The increase of trophic niche breadth with larval size is an unexpected result, considering the hypothesis of Llopiz (2013)Llopiz J.K. 2013. Latitudinal and taxonomic patterns in the feeding ecologies of fish larvae: A literature synthesis. J. Mar. Syst. 109-110: 69-77., who reported that for fish larvae niche breadth does not change with growth at middle latitudes. For example, the larval labrisomid blenny A. variolosus from central Chile shows a trophic niche breath, which is independent of larval size (Vera-Duarte and Landaeta 2016Vera-Duarte J., Landaeta M.F. 2016. Diet of labrisomid blenny Auchenionchus variolosus (Valenciennes, 1836) (Labrisomidae) during its larval development off central Chile (2012-2013). J. Appl. Ichthyol. 32: 46-54.).

Adult S. sanguineus graze mainly on ephemeral algae but also eat animals (gastropods and barnacles), showing no clear trophic relationship with any feeding guild (i.e. carnivorous species and omnivorous-herbivorous species, Muñoz and Ojeda 1997Muñoz A.A., Ojeda F.P. 1997. Feeding guild structure of a rocky intertidal fish assemblage in central Chile. Environ. Biol. Fish. 49: 471-479.). Grazing activities in juveniles may induce morphological changes to optimize biting performance in the new environment (Palmer 1979Palmer A.R. 1979. Fish predation and the evolution of gastropod shell sculpture: experimental and geographic evidence. Evolution 33: 697-713.). Biting strength in fishes that consume hard, benthic prey plays a central role in shaping feeding performance and patterns of prey use during ontogeny, as in triggerfish (Turingan et al. 1995Turingan R.G., Wainwright P.C., Hensley D.A. 1995. Interpopulation variation in prey use and feeding biomechanics in Caribbean triggerfishes. Oecologia 102: 296-304. ). Feeding on different diets requires different modes of feeding, which could set up differences in the loading encountered by bones and result in morphological changes (Wimberger 1991Wimberger P.H. 1991. Plasticity of jaw and skull morphology in the neotropical cichlids Geophagus brasiliensis and G. steindachneri. Evolution 45: 1545-1563. ).

Based on our results, it is plausible that a relationship occurs between shape changes of S. sanguineus during their early life history and feeding success and diet composition variability; throughout their development these fish exhibit an elongation of their visceral cavity and their mouth, which would allow them to ingest higher volume prey as they grow. This is why the early stages of this species pass through consuming copepods nauplii to bigger prey such as fish eggs and the copepods Paracalanus indicus. The length of the intestine has been associated with the degree of herbivory in the diet of fishes. Longer intestines have been linked to diets with a higher consumption of vegetable prey (Piet 1998Piet G.J. 1998. Ecomorphology of a size-structured tropical freshwater fish community. Environ. Biol. Fish. 51: 67-86. , Elliott and Bellwood 2003Elliott J.P., Bellwood D.R. 2003. Alimentary tract morphology and diet in three coral reef fish families. J. Fish Biol. 63: 1598-1609., Davis et al. 2012Davis A.M., Pusey B.J., Pearson R.G. 2012. Trophic ecology of terapontid fishes (Pisces: Terapontidae): the role of morphology and ontogeny. Mar. Freshw. Res. 63: 128-141. ). Therefore, this lengthening of the visceral cavity could also be explained by the high consumption of macroalgae by juveniles of S. sanguineus.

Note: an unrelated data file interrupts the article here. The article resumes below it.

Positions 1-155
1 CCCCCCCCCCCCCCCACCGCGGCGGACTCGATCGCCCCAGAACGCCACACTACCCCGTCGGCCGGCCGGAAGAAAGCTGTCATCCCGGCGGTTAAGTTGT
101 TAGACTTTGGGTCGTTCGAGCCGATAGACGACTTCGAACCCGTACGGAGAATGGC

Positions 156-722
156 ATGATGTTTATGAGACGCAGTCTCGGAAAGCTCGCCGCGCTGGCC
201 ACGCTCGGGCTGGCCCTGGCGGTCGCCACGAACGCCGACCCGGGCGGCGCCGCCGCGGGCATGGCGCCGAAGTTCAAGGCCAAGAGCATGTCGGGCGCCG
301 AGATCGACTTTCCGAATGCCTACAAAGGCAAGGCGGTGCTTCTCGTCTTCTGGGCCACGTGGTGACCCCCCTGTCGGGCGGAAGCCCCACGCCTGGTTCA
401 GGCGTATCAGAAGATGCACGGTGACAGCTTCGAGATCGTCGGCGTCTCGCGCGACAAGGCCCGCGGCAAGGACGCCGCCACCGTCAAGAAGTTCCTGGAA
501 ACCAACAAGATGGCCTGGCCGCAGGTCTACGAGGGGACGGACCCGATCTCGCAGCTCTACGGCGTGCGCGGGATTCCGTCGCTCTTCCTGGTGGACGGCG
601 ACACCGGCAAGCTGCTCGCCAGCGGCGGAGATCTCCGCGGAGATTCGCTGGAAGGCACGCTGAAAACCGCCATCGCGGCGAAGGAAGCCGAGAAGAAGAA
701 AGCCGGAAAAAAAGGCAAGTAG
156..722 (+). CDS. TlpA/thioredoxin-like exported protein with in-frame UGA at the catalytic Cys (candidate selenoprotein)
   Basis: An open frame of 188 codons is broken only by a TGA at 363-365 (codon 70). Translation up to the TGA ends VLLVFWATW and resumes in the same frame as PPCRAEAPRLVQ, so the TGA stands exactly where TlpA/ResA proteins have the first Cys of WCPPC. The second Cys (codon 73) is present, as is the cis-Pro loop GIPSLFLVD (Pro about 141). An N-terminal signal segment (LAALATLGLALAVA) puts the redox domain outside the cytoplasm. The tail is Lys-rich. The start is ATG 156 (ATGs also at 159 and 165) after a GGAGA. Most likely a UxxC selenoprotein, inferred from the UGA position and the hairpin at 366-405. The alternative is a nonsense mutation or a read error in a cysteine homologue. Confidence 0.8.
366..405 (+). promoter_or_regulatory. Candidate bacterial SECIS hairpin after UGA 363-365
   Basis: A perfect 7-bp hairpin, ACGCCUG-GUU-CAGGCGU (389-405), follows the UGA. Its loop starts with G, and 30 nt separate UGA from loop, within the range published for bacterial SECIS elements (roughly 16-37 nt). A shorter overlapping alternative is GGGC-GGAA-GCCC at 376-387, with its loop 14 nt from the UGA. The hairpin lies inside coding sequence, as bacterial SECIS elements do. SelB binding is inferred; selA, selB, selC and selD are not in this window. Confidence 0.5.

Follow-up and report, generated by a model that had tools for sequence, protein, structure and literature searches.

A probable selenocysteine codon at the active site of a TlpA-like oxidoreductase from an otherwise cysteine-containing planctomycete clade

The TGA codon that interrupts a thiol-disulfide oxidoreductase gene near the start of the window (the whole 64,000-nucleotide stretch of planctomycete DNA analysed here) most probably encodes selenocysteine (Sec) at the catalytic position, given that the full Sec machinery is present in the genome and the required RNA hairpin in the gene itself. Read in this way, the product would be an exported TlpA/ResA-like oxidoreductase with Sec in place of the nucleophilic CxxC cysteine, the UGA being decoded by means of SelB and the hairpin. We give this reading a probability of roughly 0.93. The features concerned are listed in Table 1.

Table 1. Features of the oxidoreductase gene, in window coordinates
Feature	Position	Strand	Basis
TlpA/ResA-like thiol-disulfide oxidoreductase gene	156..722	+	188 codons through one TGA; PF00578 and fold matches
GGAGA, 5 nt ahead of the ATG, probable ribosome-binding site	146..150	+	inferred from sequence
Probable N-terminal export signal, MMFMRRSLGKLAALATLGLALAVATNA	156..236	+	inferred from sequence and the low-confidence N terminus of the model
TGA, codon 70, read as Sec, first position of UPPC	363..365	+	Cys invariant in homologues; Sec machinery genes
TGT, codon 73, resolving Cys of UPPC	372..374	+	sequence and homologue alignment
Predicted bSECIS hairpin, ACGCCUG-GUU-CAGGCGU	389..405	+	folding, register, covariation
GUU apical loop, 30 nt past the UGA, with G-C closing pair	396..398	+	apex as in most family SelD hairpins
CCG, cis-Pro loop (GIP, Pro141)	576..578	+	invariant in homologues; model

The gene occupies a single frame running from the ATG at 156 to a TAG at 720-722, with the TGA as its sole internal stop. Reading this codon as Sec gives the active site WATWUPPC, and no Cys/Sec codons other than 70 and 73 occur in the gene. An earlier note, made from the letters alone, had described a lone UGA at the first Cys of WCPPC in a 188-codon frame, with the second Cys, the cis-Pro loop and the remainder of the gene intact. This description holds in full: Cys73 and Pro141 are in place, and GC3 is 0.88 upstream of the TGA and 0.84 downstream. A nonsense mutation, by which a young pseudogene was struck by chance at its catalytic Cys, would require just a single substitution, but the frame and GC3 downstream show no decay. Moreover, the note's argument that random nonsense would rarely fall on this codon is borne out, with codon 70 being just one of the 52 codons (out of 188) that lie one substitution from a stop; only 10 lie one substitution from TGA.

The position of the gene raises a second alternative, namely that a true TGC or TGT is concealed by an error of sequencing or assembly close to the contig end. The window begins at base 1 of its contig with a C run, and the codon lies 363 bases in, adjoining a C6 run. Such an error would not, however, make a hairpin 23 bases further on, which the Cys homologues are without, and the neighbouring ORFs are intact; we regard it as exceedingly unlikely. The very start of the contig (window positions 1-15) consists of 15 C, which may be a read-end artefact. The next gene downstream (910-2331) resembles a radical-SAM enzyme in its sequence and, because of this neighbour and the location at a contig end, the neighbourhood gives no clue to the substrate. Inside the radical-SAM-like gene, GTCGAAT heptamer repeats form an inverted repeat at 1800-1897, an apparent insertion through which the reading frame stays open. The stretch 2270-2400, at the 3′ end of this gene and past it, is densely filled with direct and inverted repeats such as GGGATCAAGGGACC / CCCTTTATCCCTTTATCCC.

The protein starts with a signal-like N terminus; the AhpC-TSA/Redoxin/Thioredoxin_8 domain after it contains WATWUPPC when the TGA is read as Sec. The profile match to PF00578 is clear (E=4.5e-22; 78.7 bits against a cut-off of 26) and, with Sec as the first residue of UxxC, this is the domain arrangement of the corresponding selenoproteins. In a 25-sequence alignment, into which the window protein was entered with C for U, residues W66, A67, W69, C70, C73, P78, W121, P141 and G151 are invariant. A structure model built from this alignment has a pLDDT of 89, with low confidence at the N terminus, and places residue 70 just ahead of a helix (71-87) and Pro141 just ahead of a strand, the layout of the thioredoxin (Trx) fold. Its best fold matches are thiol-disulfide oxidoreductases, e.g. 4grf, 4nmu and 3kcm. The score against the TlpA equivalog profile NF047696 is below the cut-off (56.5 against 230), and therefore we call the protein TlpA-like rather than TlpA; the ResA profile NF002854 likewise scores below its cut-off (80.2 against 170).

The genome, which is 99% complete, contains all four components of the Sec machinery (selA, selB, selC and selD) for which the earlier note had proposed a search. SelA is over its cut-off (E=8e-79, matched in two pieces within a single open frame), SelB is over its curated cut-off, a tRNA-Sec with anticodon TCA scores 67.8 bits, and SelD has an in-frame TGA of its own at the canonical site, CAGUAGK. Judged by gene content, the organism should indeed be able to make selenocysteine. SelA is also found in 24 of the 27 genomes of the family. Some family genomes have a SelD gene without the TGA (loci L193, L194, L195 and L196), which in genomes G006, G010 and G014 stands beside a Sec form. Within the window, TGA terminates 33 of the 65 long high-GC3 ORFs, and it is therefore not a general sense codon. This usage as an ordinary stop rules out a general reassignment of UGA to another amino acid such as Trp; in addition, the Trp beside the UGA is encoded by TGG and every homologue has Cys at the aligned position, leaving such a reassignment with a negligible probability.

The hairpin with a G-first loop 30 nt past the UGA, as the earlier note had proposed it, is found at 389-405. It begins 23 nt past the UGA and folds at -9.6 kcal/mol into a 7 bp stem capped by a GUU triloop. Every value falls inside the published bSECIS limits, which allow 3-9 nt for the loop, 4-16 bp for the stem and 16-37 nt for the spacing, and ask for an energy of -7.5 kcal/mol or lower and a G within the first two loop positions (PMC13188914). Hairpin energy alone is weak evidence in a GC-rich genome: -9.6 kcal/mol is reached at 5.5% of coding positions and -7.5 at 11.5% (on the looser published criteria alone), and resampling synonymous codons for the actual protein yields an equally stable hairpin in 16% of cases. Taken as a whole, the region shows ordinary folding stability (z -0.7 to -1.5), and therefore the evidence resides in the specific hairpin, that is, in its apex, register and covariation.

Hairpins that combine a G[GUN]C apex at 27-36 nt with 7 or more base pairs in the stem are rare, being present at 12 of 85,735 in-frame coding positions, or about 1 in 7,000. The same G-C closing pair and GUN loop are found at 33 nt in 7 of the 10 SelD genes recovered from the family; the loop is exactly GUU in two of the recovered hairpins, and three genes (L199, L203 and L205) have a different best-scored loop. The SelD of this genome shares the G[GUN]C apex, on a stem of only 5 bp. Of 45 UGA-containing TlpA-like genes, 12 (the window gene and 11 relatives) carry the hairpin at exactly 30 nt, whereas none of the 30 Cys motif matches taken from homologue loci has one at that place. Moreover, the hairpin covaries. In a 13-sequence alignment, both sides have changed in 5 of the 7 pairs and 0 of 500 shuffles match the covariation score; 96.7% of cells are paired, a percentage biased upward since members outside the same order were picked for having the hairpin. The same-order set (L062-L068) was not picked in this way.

The PLS showed covariance between the shape changes and the diet composition changes during the growth of the clingfish, prey number and prey volume. However, the regression between the shape variations and feedings changes was low (in both cases), indicating that the two processes were temporally decoupled. This is opposite of what was described by Russo et al. (2008)Russo T., Pulcini D., O’Leary Á., et al. 2008. Relationship between body shape and trophic niche segregation in two closely related sympatric fishes. J. Fish Biol. 73: 809-828. , who found a high degree of relation between shape and diet changes, and that these processes were coupled in juveniles of two sympatric species of the family Pleuronectidae. The greatest shape changes and allometric growth occurred up to 12 mm, while the largest feeding differentiation occurred after 16 mm. This suggests that the shape changes precede functional changes (related to the feeding ecology), and occur during the early ontogeny of S. sanguineus, involving an important habitat change from the water column to the benthos.

ACKNOWLEDGEMENTSTop

This research was funded by the projects Fondecyt 1120868 and Fondecyt 1150296 (Comisión Nacional de Investigación en Ciencia y Tecnología, CONICYT), Chile. We appreciate the comments and suggestions of the reviewers and the editor Dr J.J. Govoni.